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hello and welcome to mark chatterton's rock files podcast today i would like to welcome on the show martin turner the founder bassist and lead singer with wishbone ash for many years martin still records and tours with his band under the name of martin's owner x wishbone and has kindly come over today to talk in person about his life his music and wish by national course so a warm welcome to you martin how you doing mark good to see you again buddy yeah um yeah nice nice to be here yeah it's a different little corner of england than where i am in surrey yeah and during the last two or three years i've spent way too much time in surrey so a bit of a change for you hey yeah yeah so most welcome let's just start off with argus because obviously the only the other day it was the 50th anniversary of august being released and it's been such a big influence on many people and there's so many fans who cite it as their favorite album ever what looking back would you say why has it been such a an important album it was 50 years ago it just sounds like such a long time yeah and it is i guess it's it's half of a whole century isn't it it's half of yeah 100 years um mind-boggling really well um to to put it in context uh wishbone ash when it was formed at the end of 1969 um we we had previously in the 60s we've been the empty vessels for many many years steve upton myself and my little brother glenn as guitar player and i used to help me singing and stuff um when we arrived in london i mean it really was so bloody hard to go in the first few months that we couldn't get any work couldn't get off the ground glenn went and got a job and it was all looking to go a bit pear-shaped but steve and i have met this guy miles copeland who became our manager um and we did audition initially for you know another guitar player um none of whom we were happy with so we ended up going with two guitar players and that became you know the wishbone sound i used to sing the melodies for him to play they used to moan and about how awkward it was but when it's sung it tends to be a lot more melodic and it gave we got off to a really good start um we were signed you know to mca in in america by derrick lawrence who became our producer so we had derek produce him he had a hit with uh with um deep purple in the 60s the song hush yeah um which was very poppy not that we we had aspirations in that direction because we didn't um we thought of ourselves as an album band definitely but he got martin butch in as the engineer and uh the first two albums wish bonash um the introductory album for us and pilgrimage the following one were both recorded on eight tracks at delaney studios and then by the third album argus we're using the same team you know the band martin birch engineering and derrick lawrence who is very good very good at knowing how to steer the ship if you know what i mean when we were getting lazy um and not getting on with it he give us a good kick in and tell us to get on with it um and then if we were getting too serious and intense he'd start cracking jokes and and get everyone relaxed and um and laughing again he was very good very good so we had a great team and on the argus album we went to the new delaney which eventually became cts or something upper up at wembley stadium you know like right under the twin towers which was wonderful um and the luxury of recording with 16 tracks oh amazing you know so we went a bit over the top we were like double tracking the guitars we even double tracked the base in a couple of places to get it to come through stronger um now we spent only about a week recording we derek needed another week to mix the album so basically we had to record all the vocals which we've mapped out you know uh they did exist where to put perform all the vocals in one day you know which was really a bit you know the deep end um i wasn't keen because you you know the singing is really physical if you're gonna yeah get the expression and really explore the tune um one day isn't enough but uh we're like well if that is the limitation and that's what we're going to come up with then you know crank the headphones up real loud and let's approach it like we're on stage just sing it down back which is what we did um andy was singing on quite a few of the tunes with me so i wasn't totally alone um i mean later on when we listened to it back uh in the following weeks before it was released a couple of people commented that the vocals sounded a little bit flat which they were yeah yeah and that was because we we're so cranked up you know when you've got really intense uh sound pressure level you can start to pitch slightly under you know it was consistent actually when i finally checked it out and we did wonder about we should we should have spent more time on the vocals maybe you know is it not too late to go back in and do two or three days putting the vocals on again but everyone was like no no no you can't do that this is fine i mean i would have insisted on it if i'd known how this album was going to be once it got out i mean for me personally um i was literally overwhelmed with emotion when i finally heard the whole album edited together played back in the control room i mean it was such a release for me having worked on it you know composing writing lyrics composing the music and working on it for a whole year um it was about nine months actually so it was like having a baby yeah yeah and for me when i listened to it back i i just started weeping i mean i was i could finally let go and i thought it sounded absolutely wonderful it sounded like everything i ever wanted the band to be you know i wasn't convinced that it was going to be successful because there didn't seem to be anything there that was a hit finger for instance which is the one thing that record companies always want yeah and we want i don't write stuff like that i mean i i write what i write and you know if it's good enough to go on this record then maybe it's good enough to go on a different size record the only thing that we did have was blowing free which was single z yeah and indeed um we had tried to record that before and you know i've been emphasizing to my fellow minstrels listen this is an anthem that celebrates love teenage love so you've got to really inject some vitality into it and and really get it sounding strong and well i think we tried to record it on the pilgrimage album somewhere around there and he just said so limp and all right oh i obviously didn't convey to these guys you know what i'm going after here so then when we're recording the um august stuff i suddenly that right guys we're gonna have a go at uh blowing three again and they were like really you know i'm like yeah yeah and this time it's gonna sound great okay now when you listen to the bass on that tune i mean i was absolutely determined that you are going to work this time um you can hear that in the playing it the bass really pushes the song along like an engine but um the amazing thing was i came back into the control room uh with derrick uh i don't listen to it like wow wow i finally got it across to these guys they're actually playing it now with some commitment with some fetal you know it sounds like it means it you know even though the vocal wasn't on there yet um i'm like great this is good this is good so then i think maybe the next day i bumped into derek because see i was coming out of the control room as he was coming in oh mark this is um can i have a word a minute i'm like yeah yeah what's up he said well this this song blowing free um so i you know been having a chat with with the guys and um basically all the other tunes you know warrior turned on the sword leaflet stream he said they're much they're more serious and i'm blowing free is completely different it's quite poppy and fluffy and maybe it belongs on another album i went psychotic yeah are you kidding me look let me get one thing clear you know it needs to be on the album precisely because all the other stuff is serious yeah and it provides a bit of balance a bit of light relief okay so it's going on the freaking album end of conversation and derek was like speechless okay um very fair enough very he didn't even want to argue yeah the point he could sense you know i was so intense about it yeah that you know to me it was a typical cerebral wish bow and ash at work you know coming up with some half-baked idea that was absolutely against all my instincts and and i put my foot down you know it didn't always work but on that occasion it did but you know argus without blowing free yeah no sorry no because at the time quite a lot of artists who were may described as say album plans they did appear on top of the pop set as a slot did you ever get offered to twice we did yeah and they asked us to do top of the box and bbc um i mean at the time i personally did not like top of the pops it was getting to be it was getting to be really seedy somehow you know like brewing you know where some businessman who's just arrived home from work you know his missus is shoving his dinner in front of him and he's sitting down and watch top of the pops all these girlies like wiggling their bums in front of the camera that's what it smacked off you know abba and everyone on there it was just so contrived jimmy savile i mean it was like there was something creepy about it somehow and um yeah they rang us up and asked us and we ought to look and ah well we actually we got uh you know next tuesday or wednesday or whatever it was we we've got um we've got a gig in holland so no sorry we can't do it most bands would have cancelled the egg yeah and on top of the box because following your appearance you know records would be flying off the shelves but we we just weren't keen now or i certainly wasn't um i i told the pops to me was crap a lot of contrived that was just people making up songs because they want to be famous you know and there was this slightly sick prurient thing going on as well didn't want to be associated with that um years later in 1980 um my fellow band members were voicing a lot of frustration about the lack of success um and i'm like like what do you mean what you want to be doing top of the pops and then well yeah that would be good oh god oh they don't learn no no so um going back to the early days when you you first all moved down from torquay over to london and you were struggling i call it up from tournaments okay yeah i'm trying to be a dangly bit of the country that sticks out into the atlantic yeah yeah i mean i grew up there i mean it was great in the summer the um the population would double and triple in size there'd be loads of people coming in you know you'd meet people from all over the place essex up north liverpool and and swedish girls used to come over swedish students and french guys who were so smooth you know he used to study them you know they had the right clothes with the perfume smell you know they were so slick and um i i grew up on a kind of roller coaster where the summers were just amazing and you know i'd spend a lot of time being a beach bum you know bronzed and lovely and and hanging out on the beach i didn't wear shoes for like months yeah and and it was it was just great um and then the winter was everyone's gone home the population is a fraction of what it was and it raineth i mean forever you end up with trench foot walking around the streets and i grew up thinking there has to be somewhere drier than this the west country sticking out into the air around it the gulf stream comes over goes up in the air as it hits the land and deluges the cows down there are eating all this ultra rich greenish grass you've ever seen the milk is very creamy hence devonshire's clotted cream my dear devil and cornwall is famous for it and indeed the clotted cream does help to keep the moisture out if you yeah because it's so waxy but i just knew that there must be somewhere less wet and indeed come across to london different ball game still wet but nowhere near on the scale it is in the west country so yeah um how long were you so struggling for you know how long yeah were you struggling until you i mean looking back on it i mean you know i had an accident on the first day of january and 69 yeah which was was a complete disaster at the time but it was as a result of being up all night and i could have killed someone in that accident because i passed out tried it that really focused the mind um and made me made me commit basically because we would have stayed in the west country forever but it it it forced me to think about my situation and you know do you seriously want to become a professional musician i'm like yes i've got to give it a crap okay then you know you need to be somewhere somewhere where you can accomplish that and the only place was london and london was pretty rocking city then yeah yeah so it was kind of i kind of became a pilgrim i went to the mecca of of music um which was london it was there was still that kind of carnaby street swinging 65 god what it was 69 yeah when it came up it was still just about there and um and we i want to say we were lucky i think we created our own luck we were very positive and all of a sudden we met miles copeland um we had we had played a gig at dunstable civic hall supporting um deep purple and i i saw uh richard blackmore watching us from the side of the stage for like a long time you know he is obviously intrigued and didn't say a word to me but he rang derrick lawrence or when he was speaking about lawrence and mentioned there was this band that were really good told him what they were called so he tracked us down and rang up and said you know richie told me you're a really good band i want to come and have a look you know are you doing any gigs we're like well we haven't got any gigs at the moment so he said why don't you come down to a rehearsal which he did he loved the bam and he said look i made a friend of mine that's just been made head of a r at mca universal in los angeles i'm convinced that i can get you guys a deal yeah if you pay the airfare for me to fly to l.a i'm back i'll come back with the deal well what's that going to cost 300 quid ouch no way in 1970 31 to 300 quid no in the end we said okay you pay half and we'll pay off so we came up with 150 quid and um and derek got put the deal together came back and he was written in to produce the first three albums and he did a great job yeah blessing and then obviously you went to america very quickly well when you're signed to an american record label uh indeed not in new york city on the east coast but in l.a right the other side of the world um and you're managed by an american mars copeland albeit living in london but i mean you know he the first thing he ever said to us was you know if i could get you guys out to the states you know wow we can really do some stuff um so the the record company wanted us on there you know they really did we actually sent we we had hypnosis working on our artwork for us and we put together the cover that became the pilgrimage cover yeah we sent that out to l.a uh to be the the cover for the first album right and they said um uh what the hell is this yeah um what's this band called wishbone ash okay uh listen we we need to get a burnt wishbone you know yeah and we thought americans you know how how simplistic they are you know mentally um and we thought it was a bit silly that idea but they put it together in in their design um department sent it over to us and we looked at this burnt wishbone that they described and we were like wow it looked amazing it looked really strong and um we we had to concede they were right yeah um yeah so that you know it was it was a good launch yeah okay because you ended up supporting the likes of alice cooper and john in the early days yeah we'd be in the dressing room chatting to alice you know about international politics and you know having a really good conversation and all of a sudden somebody are coming alice you're on stage man you know then grab his bottle of whiskey and stagger on stage like a drunken bogey man you know i mean it was it was theater it was brilliant yeah and in those days he was doing the um thing where the bands and kind of capturing them put him up on the gallows and and all the lights go out in the building there's just one spotlight on on his face as he said i see quivers dying and having been hanged i mean absolutely amazing theater yeah um and yeah he's a great great guy really really like alice cooper um i understand you support elton john and his new york debut yes elton elton was playing his first gig in new york city which was really important always and um he came down to our dressing room and he's like guys you know listen this is my first gig headline in new york city and i'm really nervous about it anyway listen to celebrate the occasion here's a bottle of champagne for you um very sweet i've been very sweet of him to even bother with yeah you'll be a support man and i mean we watched him that night that him and the band were blisteringly good you know and they got off to a great start in nyc yeah yeah wonderful and you actually played at madison square gardens i believe yeah supporting robin trower um was it i don't know yeah double headline with robin who who was a a fascinating guitar player i mean he really did have that touch of being able to play like hendrix which i think i don't remember him being like that in the early days yeah but it was it was something i guess that really that really went down well in the states yeah yeah and um what was he amazing to listen to him he really he really reminded you of hendrick's um fabulous guitar sound but then at the end of songs when he'd walk up to the microphone and with his high voice but thank you very much we really appreciate it it just didn't sound right she expected someone like henry hey man because in the end you were you were playing arena shows most of the time weren't you yes a lot a lot of big gigs i mean from the day one in the states i think the first gig we ever played was in austin texas supporting uh back on turner overdrive was it yeah yeah you ain't seen nothing yet but down behind that chest uh i'm chicago we played with them um oh what's the name of that great bluesy the american rock band can't think of their name yeah the the lead singer was going out with um aerosmith no no before everest before um with the girl from bonnie and clyde uh actress brilliant um don't worry they don't want yeah yeah nice i mean they don't always stood on the side of the stage watching you yeah yeah yeah um yeah there were some great times i mean um we we've done gigs with the james gang you know down warehouse in new orleans and then um joe we we got a call from our agent what would that have been 73 somewhere around there maybe our asian irving asif was like guys guys you got to do me a favor you've got to do me a favor i've got to get joe out on the road you know all right uh i think hang on listen we got we got um vinegar joe and renaissance on the road that's like three artists uh that's more than enough you know we're having trouble squeezing everyone in as as it is no guys you don't understand you've got to do me a favor right really okay um send him out then so up rolls joe the next next gig with barnstorm fantastic band kenny pasarelli and joe vitale was a brilliant musicians and sure enough he's got a record out that's looking good you know so yeah it was a show then he got bunged up after renaissance then he got banged up after vinegar joe which was elky brooks and robert palmer yeah um we came out of the limousine outside the gig with rocky mountain way playing on the radio just gone to number one walked into the gig and he's playing it live on stage if the tour had gone any any longer we would have been supporting it yeah yeah yeah he came out on our tour it was magic yeah the vibe in the stadium was phenomenal you know it was it was wonderful wonderful great band great song what's more to want so would would you say wishbone ash didn't quite break america because you you were doing we we never really had any hits yeah so it's the singles except in the new orleans area the wishbone 4 album um no easy road got heavily played around new orleans and the south across the texas uh but particularly in norway yes and um they absolutely love that song i mean it's about rock and roll music and that's very important down there um but i mean we we would have zz top on shows with us the support band when they first started out i mean i can't remember going out and buying their first album yeah because i thought there was such a good band couldn't believe it the first time i saw them and i walked on the side of the stage to to check them out you know and i'm like three guys that can't be right where's the rest of the sound coming from i mean they were just so ballsy yeah and they were just a great band you know from day one you can sense that and we we when we were down south you know you'd be black oak arkansas that'd be leonard skinner to be all these southern bands you know um but uh zz top it it was years before they actually took off you know they were playing for quite a while and in those days betty gibbons used to sing up a lot more and and also play some beautiful uh blues guitar you know yeah yeah it was great to have seen them in those days so yeah um no easy road new orleans all the radio stations were playing it yes number one hit single but only down south so that makes a difference you know that does catapult you and all of a sudden tv shows want you to appear and you know yeah so getting back to britain and europe sort of you sort of played all these festivals in 1935 and the star trekking thing and well headlined reading around yeah around the middle of the 70s you know we we had been working so hard um miles bless him um had us you know our lives were mapped out for the next year 18 months and it was just you after three or four years of it you were starting to feel like there's some rodent on on a treadmill yeah you know because it was relentless and we all just needed a bloody holiday basically yeah ted was the first one to break um and he was like i'm i'm out of here yeah enough and ted was a guy that used to play so intensely used to put a lot into it and he used to sweat a lot so he would become exhausted you know we'd have to take him to hospital and maybe like um this guy seems to be severely dehydrated and you know does he has does he drink fluids ah yeah quite fond of whiskey but um it was it was tricky ted i i i mean ted would tell you something different i think he just got sick of playing all the music over and over and over and over the first three albums um i didn't want to he was he wanted to try new things you know there was a lot of new music stevie wonder and funky funky stuff he he wanted to do some different things so that was a tricky period mid 70s um what about lori joining did that change the dynamic of the band yes yes it did um but in in quite a positive way really it sort of laurie's level of musicianship was pretty impressive you know um and i think it made us all up our game a little bit you know i certainly had that effect on me you know i was willing to try a bit harder maybe i don't know um initially it was a bit of a weird one for andy powell because he'd always been the flash guy and ted was the sort of quieter bluesy type player now all of a sudden he was a bit lost because lori was a flash guy as well you know and um i i used to have to have a word with him now and again i'm like andy yeah don't be intimidated by that flash little bastard just do what you do mate yeah and and kind of try because he was i think he was a little bit um [Music] intimidated by by laurie's ability you know i i i know he was because he used to go over and practice a lot so he could get up to the same level of yeah proficiency and he did you know after a year yeah um but it was it was a good period i mean it was it was a kick up the backside for us all i think and um and we made some some good music with laurie yeah and in fact laurie did a very good job of playing all ted's lips from the first three albums yeah yeah yeah probably played them a lot longer than ted and then you lived in america for a bit and came and then you came back sort of 76 um you know i i was there i wasn't in favor of that um i felt that we were spending a lot of time in america we were doing six week tours you know sometimes one a year two a year i think we did three one year i mean it was like intense i can't think of any other band that started from ground zero you know ground level and yeah and um i'm a dashing backwards and forwards playing america and and then in the uk and europe um it was really intense normally you make it in one territory and then you go across yeah at a higher level you know we were doing it from from the bottom rung out and um it was it was really really hard work but you know we were young guys we weren't all kind of married and settled down with kids yet so we were able to do that for a few years but it did put a hell of a strain on everyone i think and i i think that had to do with why ted left the band personally yeah um but uh when we hit the mid 70s we yes you mentioned the star trucking tour which was quite ambitious i mean nobody nobody in those days had actually done uh a kind of european tour um with uh a package who was originally it was john mclaughlin wasn't it yeah argentina turner i continue um i think renaissance again i i went uh and lou reed was going to be headlining and yeah he pulled out climate screws brand second climax blues band wonderful guitar player um yeah i mean it was it was a big undertaking man miles decided to keep everything on one airplane yeah i've seen that he went to see a plane in up this necklace yeah [Music] and he decided okay we'll rent that and we're going to get all the equipment and and everyone on it so they asked for everyone to give them details of how much equipment and what it weighed uh so we all submitted it not that we were very clever putting that together in those days um but when we actually rolled up on the day the pilot was freaking out it was like listen this is not what you guys told me you were going to be putting on this plane and you know we're going to be really heavily laid in here so you know we're going down the runway forever and well he's take off eventually so it did gradually get up but the plane was just way too much equipment on it so when we got out to germany um a couple of the bands i think renaissance decided they would travel they'd rent something and travel by road um and i remember we were trying to organize something for us uh and there was a particular day we had chris well chatting with us for many years observing this kind of cacophony of trying to plan ad hoc on the run you know and as the day went on we're all up first thing in the morning trying to trying to figure out how we were going to proceed from here on i think we had to get down to marseille in south france for a very gig um in the morning we were trying to get flights no we were trying to arrange to travel by road but it was taking so long that after lunch in the early afternoon the only option that we had was to to hire a plane in order to get down there in time for this show so we had a bloody jet flew down from amsterdam to pick us up take us down to the south of france and then fly back to amsterdam i mean you know we've got three stewardesses and you know a flight crew i mean like you know when we got on the plane i said to steve steve tell me we're not paying for this uh i mean i knew it was going to cost a fortune but it was the only way to get there i continue turner somebody made a call to french customs and told them that i continue to had drugs in their equipment [Music] we think that was the french promoter because he told miles backstage i mean it got quite ugly it got really it was right on that flash point you know i mean i think a knife was drawn even about you didn't supply me with the whole show we had one band didn't appear so i'm only going to pay you half the money and there was like a real ding-dong about that um it's funnily enough that was in a rash in a roman amphitheatre yeah probably one of the best gigs we ever played i mean it was legendary that gig i mean everyone spoke about it for years afterwards it was magical i think uh bad company were on the day before we headlined the last day and we i'd had food poisoning or something i mean i've been sick and then i fell asleep backstage on some amplifier covers um and then kevin walked me up about up past two in the morning mark you're on stage and i'm like oh no you know my my mouth tasted like a gorilla's armpit um but i went on stage we we performed and the audience were quite mellow i mean i suppose they've been sitting there for three days so we played and it sounded amazing you know i'm thinking how the hell did the romans know how to design a gig in those days um but it sounded amazing it really did in in this stone amphitheater with the sky for a ceiling and then the sun popped over the ridge of the stadium and sean on the stage like in the last tune like phoenix or whatever yeah yeah it's the atmosphere was like unreal it really was bizarre and we finished that was it it was the end of a three-day festival and the audience stood up and applauded for like it seemed like 15 minutes you know just went on and on and then um i remember i was walking back to the coach and there's this beautiful girl appeared by my side um she's a well-known french model um i think she was mixed race you know part moroccan or algerian she's absolutely lovely um and i got chatting to i thought when you come back to hotel for breakfast so we had breakfast together yeah and i've never seen her again but she's a lovely lovely girl yeah um yeah so it was like if she said what was the best gig you ever played that was up there yeah sure it was yeah pretty damn good yeah what about your expectations oh i i i did i didn't tell you the one absolute bummer about that tour we we were we finished in spain and i remember steve we were in a hotel room and we were getting paid in cash all the money for right the way through from scandinavia germany france um spain and we were told if you try and take all that cash across the border you know you could get it confiscated mm-hmm sorry well yeah but at least we got it at least we've got the money um but they were insistent that you really should put it through the bank so it went through the bank got sent back to london by the bank um of mars company in amsterdam where the guy in amsterdam had in order to get that the the tour on the road i've got a loan from the bank using his house as collateral so they had a a leaner in his house um so when the money hit amsterdam he grabbed it sorted cleared the debt with a bank so his house didn't get grabbed and we never saw a penny yeah i mean we were due for payment of something 50 000 pounds i believe now you imagine a loss of 50 000 pounds in 1975 i mean what would that be now i mean you could probably put a naught on the end of that obviously at least yeah yeah and um it nearly put us out of business i mean the thing of going to live in america was kind of maybe running away from the problems that that created um and it gave us a bit of breathing space and we could separate ourselves from miles um to try and recover and and really really get going again yeah because it was it was pretty debilitating in that whole period and in fact a lot of people did see him um we didn't want to do that you know we worked together for a long time and we just want to get the hell out of it really which is partly why we ended up going to the states against my will i i wasn't for it but the other three were so i was prepared to give it a try yeah you know we were talking about for a year maybe two it ended up being three and after living in connecticut for three years um you know you start thinking well there are a couple of things that happened to me i mean i thought to myself you know i mean it was having a pretty corrosive effect on my marriage because my more and my wife was not happy being out there and the only way i could get her to come out was with the provider that listen if you get sick of it and you want to go back to england there's a ticket waiting for you and and she did she used to go back regularly and i'd be out there on my own um we didn't see each other much for a period of three or four years and um after living there for three years i i kind of remember thinking one day how many actual friends have i made in america because everyone saw hey marty can't go to my place yeah but it's it's somewhat superficial you know you you didn't there was no one that i could call a friend yeah after three years except my landlord mr schoenberg lee schomburg great guy new york yeah you know yeah what do you call it advertising executive you know and we got on really well um the guy who serviced our cars donny an italian-american dude i went and picked my car up one day and he said mom hey listen man i want to show you this car is making some noises you know uh let me just take you around the block so he drove around the block and he pointed out a couple of things he was doing and told me what it was it was gonna need attention and stuff okay you know um brace myself for the next bill and um as we're driving back up the street there's a black kid walking down the sidewalk and donnie makes the shape of a gun like this as we went past so i said to him mum you got something against that kid did he do something to you or something and he looked at me and he's like yeah martin listen you're a english dude right i don't expect you to understand but listen man i gotta tell you there is gonna be a war in this country between the white guys and the black guys and well that happens man i'm ready i'm all told up i got my weapons okay whoa whoa stop right there this guy went psycho about how the next civil war was about to go off any minute and he done weapons training he was part of a militia yeah i mean i dropped him off i drove home thinking i need to get out of this country yeah yeah these people are nut jobs they all got pistols and weapons it's like it's another culture because we speak the same language yeah you know you think the culture is the same but it's not i mean having said that i go to america every year and i've got family there and people you know friends it's it's a great country but this little experience up in connecticut kind of put me off a little bit and it's like you know what i'm gonna go back to europe um i mean i grew up listening to russian music you know and i was thinking okay i've lived in america for three years let me go live in russia for three years and see if i've got more in common with a russian than i do american um i mean i didn't go to russia um but i came back i i thought that i was going to be leaving the band because i thought these three guys will definitely want to stay here to my astonishment they all came back to england yeah i mean andy was a bit reluctant and you know he kept his foot in the door in connecticut and it and went back there a few years later and has lived there since the 1980s um but um yeah messy yeah because we're going to say about yeah when you step started out what were the expectations we think i'll do this for 10 years and then settle down but here you are now in in your 70s still playing so yeah how does that work really well to be honest with you i would have to admit that i i've kind of tried on various occasions to not be a musician you know yeah do something else oh okay i i got heavily into studio and recording yeah yeah i i know i did spend many years and especially in the 80s recording with musicians of all different styles and colors and you know lots of different stuff that i was always there was me and and a guy from roxy music phil manzanira yeah in the 80s we were the two guys that had professional setups at our homes yeah so you know we we could work for cheaper than you would have to pay in a professional studio so you know we did a lot of work and i learned a lot from doing that but um even the accident that i had that that forced me to become it was forced me to make a decision about becoming a professional musician um and then at various other points where i've kind of tried to slither out the back door and find something else to do you know um but somehow fate always contrives to bring me back to the chosen path yeah yeah and i am a creative person there's no getting away from it you know i've got a kind of creative magical streak that i don't profess to be completely in control of at all sometimes it works great other times it doesn't um it's it's a bit like being a mad magician yeah um but uh it's it's in my blood i mean it has been from day one you know i was bombarded with music as a kid my dad played music all the time um he was one of those guys that played if he liked a song he would play it over and over and over and over again you know look can we stop playing that tune now i mean because it would drive me nuts but as well as that i was my mother enrolled me in the church choir yeah as a young boy she'd been a singer her mother was a piano player both of my grandparents were piano players there was a tradition of music in the family and i was just drenched in it you know from a young boy um singing in the church choir was something that really benefited me i think it gave me a um i became a very good singer and i became very confident yeah about singing for which for a young kid it's pretty good going really um okay you know i i haven't got the best voice in the world i'm not you know sting or rod stewart but i know how to sing and um and i really enjoy it i think it's everyone should do it join a choir yeah it's it's good breathing breathing all that oxygen in so you're quite happy to be out on the road in your seventies and stuff because yes i mean to be honest i wouldn't have thought that that would be the case um you know how am i gonna be working with guys that are a younger generation than me you know they they've some of these guys that i'm working with you know they they were just babies when i was out yeah um so that's worked fine i i enjoy playing small gigs like we do nowadays to the residual people of our age group that want to come out and listen to rock and roll music i enjoy playing those gigs probably more than i did playing stadiums in the states because you were backstage you know you never made contact with the audience until you walked on you know did your thing and then walled off again sometimes you know you would the car would be in the building you know you you come out of the dressing room get in the car and you just didn't make contact with anyone um all you saw was the gig the hotel and the plane um but nowadays you know playing small places to 100 200 300 people you you meet people that have been you know listening to the music for decades and and they've got something to say yeah and it's interesting i mean there was a guy up in the northeast who who was uh uh a bit he came up to me a few times he was a bit needy he was obviously down on his luck he eventually told me that he'd broken up with his wife and she wouldn't let him see his son who he was really crazy mad about and he was tortured i got the impression he might be taking drugs or definitely alcohol he had no money and i should get him into gigs you know uh free of charge when because he really wanted to come and see us play and when we were in that neck of woods you know you i'd see him and i'm like oh areas you know being needy and and and i help him out well i didn't see him for a few years he was around for quite a while and then i didn't see him for a few years and then i walked in we were doing a small gig at a working men's club up there in the northeast and we're bringing the equipment in and i just happened to look and i thought wow that's that guy i can't remember his name but he looked clean wholesome well-fed he didn't look tortured anymore yeah and he didn't leap up and come rushing over to me he just winked and smiled that meant a lot to me yeah i'd hung in there with him and he got there yeah he fixed himself yes he survived that's my job that's what music does for people it helps to lift their spirits to some people it's about music is about as valid as the freaking wallpaper you know it's just a backdrop to your life yeah but with other people you know they have personal experiences you know maybe a member of their family died or something and the music is something that they shared with that person so it takes on a significance and i have to be i have to be conscious of that i have to be sensitive to that so you know when people come up when they want to chat about the music and stuff it's it's important stuff yeah yeah because i think it's quite crazy to think that a lot of your fans now are grandparents themselves yeah um back in the 70s there were 15 16 year old teenagers and and they stayed here all that time yeah i mean i'm not very good with all that yeah you know i don't know how old my children are i don't i you know my kids i've got i've got a granddaughter who's having a birthday this weekend coming yeah um i've got a clue how old she is but you know some of them i get on great with you know others you know we get on but you know not i don't know it's it's rapport um and you there's no guarantee is there really but um they're all they're all wonderful all the members of the family yeah you know it's it's fascinating because you've got like variations on the same thing it's it's intriguing but i swear off of them i haven't got a bloody clue what my life consists of yeah yeah yeah finally um i just want to ask you because you did the written in the stars album and that that was very successful you got an award for it didn't you and uh the problem is you know back in the 70s when we were signed with um mca universal um you put a record out and it would sell 20 30 50 000 maybe a hundred thousand um you know some of the albums went well quite a few of them went silver gold platinum um if i do an album now it sells a couple of thousand copies yeah yeah you know um the income from it doesn't even pay for the recording yeah yeah sure unfortunately that is a fact of life um i mean okay you know i've got some fabulous recording equipment so you know we can we can afford to make an album but the last time i did that was written in the stars i mean to pay for the equipment that broke during the recording sessions and i had to get fixed cost me i can't remember it as a thousand quid or 2 000 quid but i mean i just about managed to cover that yeah you know um if i had insisted on taking money out for what was it six months of recording something like that i mean maybe it was over six months maybe it wasn't that in total but i mean nobody would have received a penny for making that album yeah so i mean when when the first royalty started coming in it was fairly clear to me that if any of the members of my band were going to receive anything you know um if they didn't they they would be pretty disappointed so we we had to make sure that everyone got paid which meant you know i lost what would be quite a lot of money because we weren't able to pay for the studio time yeah yeah um now going back to the 70s i mean when you are signed to a big record label you know they used to advance us money yeah serious money i think it was it was eight thousand dollars or something in the early seventies by the end of the seventies they were advancing us something like 150 thousand dollars for an album yeah which is a lot of money that can keep a band to float for a year yeah sure unless you end up spending a lot of time in studios can get expensive but um nowadays you've got like streaming companies that are mainly in america they build themselves up into this huge megalith with you know everything available for everyone that they charge for um and they make up their own rules about how much they're going to pay you which is usually point no no no of a cent yeah you know which goes to your record company they take a share of it and then you get like i don't know some minute amount of money unless yeah unless you're getting like tens of millions of hits you know [Music] and unfortunately that economic structure which has kind of replaced the record company with um money that can be used to develop bands um streaming services the only people that are getting rich are the people that are on the street yes yes the money is not ending up with musicians no creative people so if you follow that to his conclusion that is going to snuff out creative music i mean i i hope not but uh that seems to be the way it's going at the moment yeah the economics of of you know being creative creatively involved in music and making um they just don't add up anymore since the demise of big record companies which did it did work you know they made a lot of money and they were in a position to to help bands get established and promote them um not going well though so really going out on the road is the only way you make any money yeah kind of you know selling merchandise and playing gigs but it's hard work and that as well once you get costs um rising like they've done recently with both inflation and the cost of fuel you know that can very easily put a serious thing in the equation yeah so that you know instead of making a small profit you're making a small loss yeah sure we shall see um i mean there's always a way but very difficult so you're quite happy to keep going out on the road at the moment at the moment yeah um you know it's it's not nobody's getting rich but you know it's it's a nice thing to do and at the moment i can still do it yeah yeah you know i'm driving the van with the gear in it singing and playing bass and um despite my age i seem to be able to do that at the moment yeah how long it will last i don't know no okay yeah well thanks very much martin for taking the time out to come and speak to us and good to see you man and there's so much more we can we could talk about but i think yeah yeah it's quite quite a lot more we've covered a break now but yeah thanks for the interview and i'm sure people enjoy what they've heard anyway yeah hopefully and hopefully and we enjoy you playing live anyway yeah yeah yeah it's good isn't it music yeah all right then thanks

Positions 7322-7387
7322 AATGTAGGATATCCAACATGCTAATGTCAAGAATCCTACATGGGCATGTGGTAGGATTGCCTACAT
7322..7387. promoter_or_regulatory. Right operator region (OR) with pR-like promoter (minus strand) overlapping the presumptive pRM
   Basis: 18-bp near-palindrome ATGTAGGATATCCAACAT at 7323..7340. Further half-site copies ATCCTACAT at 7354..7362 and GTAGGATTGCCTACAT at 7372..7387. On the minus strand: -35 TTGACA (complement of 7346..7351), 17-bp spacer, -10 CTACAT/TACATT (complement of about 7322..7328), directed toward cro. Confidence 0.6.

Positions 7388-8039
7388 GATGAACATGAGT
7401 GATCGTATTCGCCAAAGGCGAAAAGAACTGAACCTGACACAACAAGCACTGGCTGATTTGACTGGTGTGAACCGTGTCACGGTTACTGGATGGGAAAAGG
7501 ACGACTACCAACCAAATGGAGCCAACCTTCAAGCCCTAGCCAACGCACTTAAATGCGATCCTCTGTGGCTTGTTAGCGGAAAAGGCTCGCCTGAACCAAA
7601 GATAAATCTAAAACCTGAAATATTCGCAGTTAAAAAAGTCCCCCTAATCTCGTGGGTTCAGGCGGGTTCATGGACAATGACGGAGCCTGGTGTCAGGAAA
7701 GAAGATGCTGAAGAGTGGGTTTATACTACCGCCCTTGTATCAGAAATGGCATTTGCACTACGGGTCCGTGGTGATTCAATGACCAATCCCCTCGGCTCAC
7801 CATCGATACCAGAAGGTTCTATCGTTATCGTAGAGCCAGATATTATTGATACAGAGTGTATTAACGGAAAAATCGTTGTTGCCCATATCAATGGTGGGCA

2022-05-13 14:53